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Genital Herpes Simplex Virus Type 2: Epidemiology and management options in the developing world
  1. Gabriela Paz-Bailey (gmb5{at}cdc.gov)
  1. US Centers for Disease Control and Prevention, Guatemala
    1. Meghna Ramaswamy (m.ramaswamy{at}medsch.ucl.ac.uk)
    1. Dept of Virology, Royal Free Hospital and Royal Free and University College Medical School, Pond Str, United Kingdom
      1. Sarah J Hawkes (sarah.hawkes{at}lshtm.ac.uk)
      1. LSHTM, United Kingdom
        1. Anna Maria Geretti (a.geretti{at}medsch.ucl.ac.uk)
        1. Dept of Virology, Royal Free Hospital and Royal Free and University College Medical School, Pond Str, United Kingdom

          Abstract

          Genital herpes simplex virus type 2 (HSV-2) is highly prevalent worldwide and an increasingly important cause of genital ulcer disease (GUD). Continued HSV-2 transmission is facilitated by the large number of undiagnosed cases, the frequency of atypical disease, and the occurrence of asymptomatic shedding. The lack of easy, affordable diagnostic methods and specific antiviral therapy in low and middle income countries is of great concern, given the ability of GUD to enhance HIV transmission and acquisition. With rising HSV-2 prevalence contributing to an increase in the proportion of GUD attributed to genital herpes in high HIV prevalence settings, a safe and effective HSV vaccine is urgently needed. Meanwhile, multifaceted interventions are required to improve recognition of genital herpes; to prevent its spread; and also to prevent its potential to promote HIV transmission in developing countries.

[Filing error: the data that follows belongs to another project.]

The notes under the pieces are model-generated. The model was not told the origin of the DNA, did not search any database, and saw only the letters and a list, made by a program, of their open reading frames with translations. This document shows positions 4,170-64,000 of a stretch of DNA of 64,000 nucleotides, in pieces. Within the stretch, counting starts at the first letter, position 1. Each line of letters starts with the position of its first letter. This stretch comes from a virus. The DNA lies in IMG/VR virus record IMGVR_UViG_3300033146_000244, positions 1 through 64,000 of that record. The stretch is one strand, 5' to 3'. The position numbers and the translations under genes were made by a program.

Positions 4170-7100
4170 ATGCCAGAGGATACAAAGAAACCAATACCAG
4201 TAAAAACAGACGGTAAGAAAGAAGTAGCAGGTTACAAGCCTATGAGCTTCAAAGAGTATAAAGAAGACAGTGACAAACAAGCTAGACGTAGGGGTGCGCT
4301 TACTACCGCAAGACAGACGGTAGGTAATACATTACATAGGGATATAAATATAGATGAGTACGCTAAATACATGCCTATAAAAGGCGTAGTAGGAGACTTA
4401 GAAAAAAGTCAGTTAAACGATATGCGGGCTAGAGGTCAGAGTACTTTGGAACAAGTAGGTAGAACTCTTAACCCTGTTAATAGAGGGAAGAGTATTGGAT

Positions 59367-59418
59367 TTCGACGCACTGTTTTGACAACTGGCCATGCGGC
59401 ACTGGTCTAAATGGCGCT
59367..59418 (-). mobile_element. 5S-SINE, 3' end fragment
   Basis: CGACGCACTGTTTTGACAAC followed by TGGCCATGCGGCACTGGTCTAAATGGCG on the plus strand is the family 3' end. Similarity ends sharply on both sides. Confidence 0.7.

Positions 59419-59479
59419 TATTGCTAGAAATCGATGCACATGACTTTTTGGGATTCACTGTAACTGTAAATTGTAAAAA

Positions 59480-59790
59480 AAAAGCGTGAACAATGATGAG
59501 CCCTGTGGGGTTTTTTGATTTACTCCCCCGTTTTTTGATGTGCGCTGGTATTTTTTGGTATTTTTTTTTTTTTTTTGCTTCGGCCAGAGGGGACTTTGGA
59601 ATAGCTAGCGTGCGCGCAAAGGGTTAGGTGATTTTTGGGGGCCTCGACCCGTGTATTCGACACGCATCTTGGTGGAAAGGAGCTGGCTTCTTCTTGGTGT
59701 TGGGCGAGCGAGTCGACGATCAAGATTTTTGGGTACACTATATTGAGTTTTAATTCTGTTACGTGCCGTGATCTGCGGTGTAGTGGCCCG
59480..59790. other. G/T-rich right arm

• HIV
          • Herpes
          • STI
          • developing countries
          • genital ulcer disease

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